Kaleb Tarczewski, Glenn Robinson III

New Year’s Resolutions: Michigan Wolverines

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Over the course of the holiday week, we at College Basketball Talk will be detailing what we believe will be the New Year’s Resolutions of some of the nation’s most talented, most disappointing, and thoroughly enigmatic teams. What can we say, we’re in a giving mood. Who else made Resolutions? Click here to find out. WHAT DOES MICHIGAN PROMISE TO DO MORE OF?: Production from Glenn Robinson III

  • Why it will happen: Glenn Robinson scored a career-high 23 points against Holy Cross on Saturday, which followed a 17-point performance in a win over Stanford. And for one half against top-ranked Arizona, he was a perfect 7-of-7 from the field. Mitch McGary, a preseason All-American, is out indefinitely, electing for back surgery earlier this week, meaning the Wolverines will be looking for more from Robinson to go along with leading scoring Nik Stauskas. In four games since scoring just eight points in an ugly offensive performance against Duke, Robinson is averaging 19.3 points per game as the Wolverines are heading into Big Ten play.
  • Why it won’t happen: Going back to two weeks ago when Michigan lost to Arizona at home, Robinson posted only four points in the second half – two of which came when Kaleb Tarczewski was holding his ankle on the other end of the floor. Earlier in the season he was clearly struggling without last season’s player of the year Trey Burke. Those struggles could continue into conference play, especially with Michigan balancing the point guard play between Derrick Walton and Spike Albrecht.

WHAT DOES MICHIGAN SWEAR THEY WILL DO LESS OF? Miss on opportunities to land marquee wins

  • Why it will happen: The Wolverines entered a top-10 team, but without a healthy McGary, they have missed out on opportunities to defeat Iowa State in Ames, Duke in Cameron and Arizona at home. Heading into conference play — again without McGary — Michigan will have ample opportunities to land a win over a ranked opponent. The Wolverines will have four conference games — Minnesota, Northwestern, Nebraska and Penn State — to prepare before traveling to Wisconsin, the first of three games against ranked opponents (two of them on the road). Michigan could potentially play four more games against Top 25 teams in February.
  • Why it won’t happen: Michigan has struggled without Burke, and now are without the inside presence of McGary. Michigan may have multiple chances to pick up quality wins, but those games could easily end with more tallies in the loss column leaving little room for error.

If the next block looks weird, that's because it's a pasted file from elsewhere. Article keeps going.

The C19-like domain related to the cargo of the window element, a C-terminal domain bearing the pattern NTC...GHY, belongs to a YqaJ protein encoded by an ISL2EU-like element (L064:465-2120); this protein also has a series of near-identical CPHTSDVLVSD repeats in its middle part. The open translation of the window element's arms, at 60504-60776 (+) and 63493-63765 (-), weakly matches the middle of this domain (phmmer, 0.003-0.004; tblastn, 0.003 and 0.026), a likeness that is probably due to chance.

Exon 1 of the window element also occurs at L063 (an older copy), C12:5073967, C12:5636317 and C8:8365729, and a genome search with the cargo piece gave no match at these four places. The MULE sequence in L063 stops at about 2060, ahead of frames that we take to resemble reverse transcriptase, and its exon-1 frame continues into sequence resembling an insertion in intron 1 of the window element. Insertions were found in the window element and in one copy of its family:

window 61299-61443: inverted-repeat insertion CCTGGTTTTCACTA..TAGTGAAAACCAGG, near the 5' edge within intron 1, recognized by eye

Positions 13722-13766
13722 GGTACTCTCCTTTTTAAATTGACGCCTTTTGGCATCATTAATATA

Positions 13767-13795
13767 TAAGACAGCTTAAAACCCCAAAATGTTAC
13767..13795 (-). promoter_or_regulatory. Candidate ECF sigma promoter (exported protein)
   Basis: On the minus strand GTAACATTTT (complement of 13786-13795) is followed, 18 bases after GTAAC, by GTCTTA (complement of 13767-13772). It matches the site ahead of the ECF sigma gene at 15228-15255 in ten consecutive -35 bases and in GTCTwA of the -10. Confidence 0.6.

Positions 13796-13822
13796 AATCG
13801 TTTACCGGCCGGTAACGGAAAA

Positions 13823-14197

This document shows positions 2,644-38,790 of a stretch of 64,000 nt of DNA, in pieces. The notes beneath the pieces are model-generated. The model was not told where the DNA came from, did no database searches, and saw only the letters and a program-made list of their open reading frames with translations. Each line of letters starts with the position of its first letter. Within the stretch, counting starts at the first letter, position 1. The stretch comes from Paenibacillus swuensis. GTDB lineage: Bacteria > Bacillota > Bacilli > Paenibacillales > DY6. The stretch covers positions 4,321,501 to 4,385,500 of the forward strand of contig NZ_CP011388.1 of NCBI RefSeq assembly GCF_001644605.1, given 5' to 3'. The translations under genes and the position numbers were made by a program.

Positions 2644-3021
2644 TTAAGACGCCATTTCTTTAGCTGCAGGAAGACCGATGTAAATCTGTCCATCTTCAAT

POSTERIZED: Wyoming’s Josh Adams takes flight

Josh Adams
Associated Press
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Not only is Wyoming senior guard Josh Adams the lone returning starter from a team that won the Mountain West tournament last season, but he’s also one of college basketball’s best dunkers. And if anyone may have forgotten about his jumping ability, Adams put it on display Saturday during the Cowboys’ win over Montana State.

After splitting two Montana State players at the top of the key Adams attacked the basket, dunking with two hands over a late-arriving help-side defender. If you’re going to rotate over, have to do it quicker than that.

Video credit: Wyoming Athletics

Defensive progress will determine No. 4 Iowa State’s ceiling

Monte Morris
Associated Press
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Even with the coaching change from Fred Hoiberg to Steve Prohm, No. 4 Iowa State remains one of the nation’s best offensive teams. Given their skills on that end of the floor many teams find it tough to go score for score with the Cyclones, and that’s what happened to Illinois in Iowa State’s 84-73 win in the Emerald Coast Classic title game.

Georges Niang scored 23 points and grabbed eight rebounds, with Monté Morris adding 20, nine rebounds and six assists and Abdel Nader 18 points as the Cyclones moved to 5-0 on the season. The three-pointers weren’t falling in the second half, as Iowa State shot 0-f0r-12, but they shot 19-for-24 inside of the arc to pull away from a team that lost big man Mike Thorne Jr. late in the first half to a left knee injury.

Illinois’ loss of size in the paint opened things up offensively for Iowa State, and the Cyclones took advantage. But where this group grabbed control of the game was on the defensive end of the floor, and that will be the key for a team with Big 12 and national title aspirations.

Nader took on the responsibility of defending Illinois’ Malcolm Hill (20 points) in the second half and did a solid job of keeping the junior wing in check, with that serving as the spark to a 12-2 run that put the game away. There’s no denying that the Cyclones can put points on the board; most of the talent from last season is back and the productivity on that end of the floor hasn’t changed as a result. Niang’s one of the nation’s best forwards, and both Morris (who now ranks among the country’s best point guards) and Nader have taken significant strides in their respective games.

Iowa State will add Deonte Burton in December, giving them another option to call upon. Front court depth is a bit of a concern, as Iowa State can ill afford to lose a Niang or Jameel McKay, but there’s enough on the roster to compensate for that and force mismatches in other areas.

But the biggest question for this group is how effective they can become at stringing together stops. Illinois certainly had its moments in both halves Saturday night, but Iowa State also showed during the game’s decisive stretch that they can step up defensively. The key now is to do so consistently, and if that occurs the Cyclones can be a threat both within the Big 12 and nationally.